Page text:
Posted: 22nd September 2015
We’ve gathered together a few of our favourite facts and history about 41PP to share with you!
41PP’s first family
Designed by James Adam in 1773, 41 Portland Place was originally built as a private home for The Honourable Thomas Gage. Gage was a British General, best known for his many years of service in North America, including his role as military commander in the early days of the American War of Independence. Ironic, considering he was married to Margaret Kemble Gage who was born in New Brunswick, New Jersey. There is speculation that she was a spy for the patriots due to her familial ties to America. However her brother, Stephen Kemble, was a Lieutenant-Colonel in the British Army during the Revolution.
41 Portland Place remained a private residence until 1939 and was then used during the Second World War by the Balfour Services Club (see image links at the end) and also by the forces of the United Nations.
Whilst the surrounding buildings on Portland Place were badly damaged during the London Blitz, 41PP had barely a brick out of place. This is why 41 Portland Place is still a wonderful example of Georgian townhouse design and a delight to architecture and history buffs alike.
A new identity
In the years following World War II, the area surrounding Portland Place changed dramatically and re-emerged as a centre of medical practice. The Medical Society of London and the Royal Society of Medicine were two societies to take up premises nearby and Harley Street became world famous as a location for private healthcare. The Ciba Foundation, later known as the Novartis Foundation, moved into 41 Portland Place in 1947 and 41PP has since hosted prestigious scientific events, meetings and symposia attended by some of the greatest medical scientists of the last century. It is estimated more than 70 Nobel Laureates have attended and spoken at symposiums over the years.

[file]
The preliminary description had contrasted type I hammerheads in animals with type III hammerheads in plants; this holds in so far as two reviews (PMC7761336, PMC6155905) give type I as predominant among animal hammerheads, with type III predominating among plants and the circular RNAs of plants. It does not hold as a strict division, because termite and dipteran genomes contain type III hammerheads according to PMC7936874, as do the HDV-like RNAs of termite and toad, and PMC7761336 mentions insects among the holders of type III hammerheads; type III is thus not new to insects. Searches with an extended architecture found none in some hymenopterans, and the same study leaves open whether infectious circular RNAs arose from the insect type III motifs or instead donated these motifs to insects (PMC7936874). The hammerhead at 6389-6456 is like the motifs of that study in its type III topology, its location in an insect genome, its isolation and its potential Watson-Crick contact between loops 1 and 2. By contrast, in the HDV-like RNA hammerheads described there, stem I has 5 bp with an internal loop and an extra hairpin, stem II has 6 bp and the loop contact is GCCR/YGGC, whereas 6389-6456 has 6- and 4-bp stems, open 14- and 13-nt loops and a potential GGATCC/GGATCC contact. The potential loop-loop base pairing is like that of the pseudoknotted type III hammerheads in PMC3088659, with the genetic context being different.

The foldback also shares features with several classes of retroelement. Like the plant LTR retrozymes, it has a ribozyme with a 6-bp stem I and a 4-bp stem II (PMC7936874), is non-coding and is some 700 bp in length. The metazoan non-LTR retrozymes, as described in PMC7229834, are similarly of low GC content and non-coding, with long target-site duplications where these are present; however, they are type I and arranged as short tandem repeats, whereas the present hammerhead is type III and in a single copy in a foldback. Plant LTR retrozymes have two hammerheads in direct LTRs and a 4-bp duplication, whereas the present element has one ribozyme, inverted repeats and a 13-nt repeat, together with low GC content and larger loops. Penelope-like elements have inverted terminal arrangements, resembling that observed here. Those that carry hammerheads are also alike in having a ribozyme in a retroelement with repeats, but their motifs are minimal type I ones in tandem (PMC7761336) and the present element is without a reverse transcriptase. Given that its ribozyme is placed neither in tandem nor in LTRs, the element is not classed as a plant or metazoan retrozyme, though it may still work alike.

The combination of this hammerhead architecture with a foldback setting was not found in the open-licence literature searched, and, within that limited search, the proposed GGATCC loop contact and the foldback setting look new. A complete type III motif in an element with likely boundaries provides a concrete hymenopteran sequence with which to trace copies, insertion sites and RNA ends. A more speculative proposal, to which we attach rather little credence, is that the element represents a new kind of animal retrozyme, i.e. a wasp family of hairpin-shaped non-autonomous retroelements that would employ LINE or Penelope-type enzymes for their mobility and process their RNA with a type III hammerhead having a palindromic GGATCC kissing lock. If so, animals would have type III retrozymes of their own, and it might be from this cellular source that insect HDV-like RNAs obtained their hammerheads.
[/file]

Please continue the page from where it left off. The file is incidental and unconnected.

In the early 1960’s, one of the guests (an acclaimed Professor) forgot turn off his running bath resulting in flooding of the building. There was also an incident in which one of the guests was found in the maid’s bathroom. There was speculation as to what he was doing there, however unfortunately not recorded!
The curved doors of the entrance to the Landeau Room and the Jean Shanks Library contain panels made from a single piece of Honduran Mahogany so that the patterns in the wood are symmetrical on either side of the doors.
One of the curved doors in the Laurie Landeau Room doesn’t actually lead anywhere. It was installed to provide the symmetrical style so important in Georgian architecture.
The reason why there are more stairs on the servant staircase is because they were expected to walk quietly. Hence the smaller steps to create less noise. 41PP’s Hospitality Supervisor, Miguel, is now often seen taking these tiny steps 3 at a time!
The floors from the servant’s staircase are not numerically identified because most of the servants were illiterate and therefore couldn’t read numbers. The glass panels on each level increase in size as you walk up each floor so they were able to identify which level they were on.
41 Portland Place today
The Novartis Foundation closed in 2008, following the Trustees’ decision to merge with the Academy of Medical Sciences. After taking over the lease on 41 Portland Place, the Academy embarked on a £5 million redevelopment programme to create a modern headquarters and a conference and events venue under the design of award-winning architects Burrell, Foley & Fischer. The building opened in October 2010 and started a new chapter in its history as the home of the Academy of Medical Sciences.
In photos – Balfour Service Club at 41 Portland Place
Six Jewish Prisoners of War relax and read the Hebrew magazine ‘Gal-Gal’ at the Balfour Service Club in Portman Place, London.
A group of Allied servicemen and women crowd into the hallway at the Balfour Service Club, some standing on the staircase, following the Rosh Hashanah celebrations. On the blackboards on the left are chalked the names of all who attended the feast. According to the original caption, many people were able to meet up with old friends at the celebrations. A Union flag and a flag featuring the Star of David hang on the wall above their heads.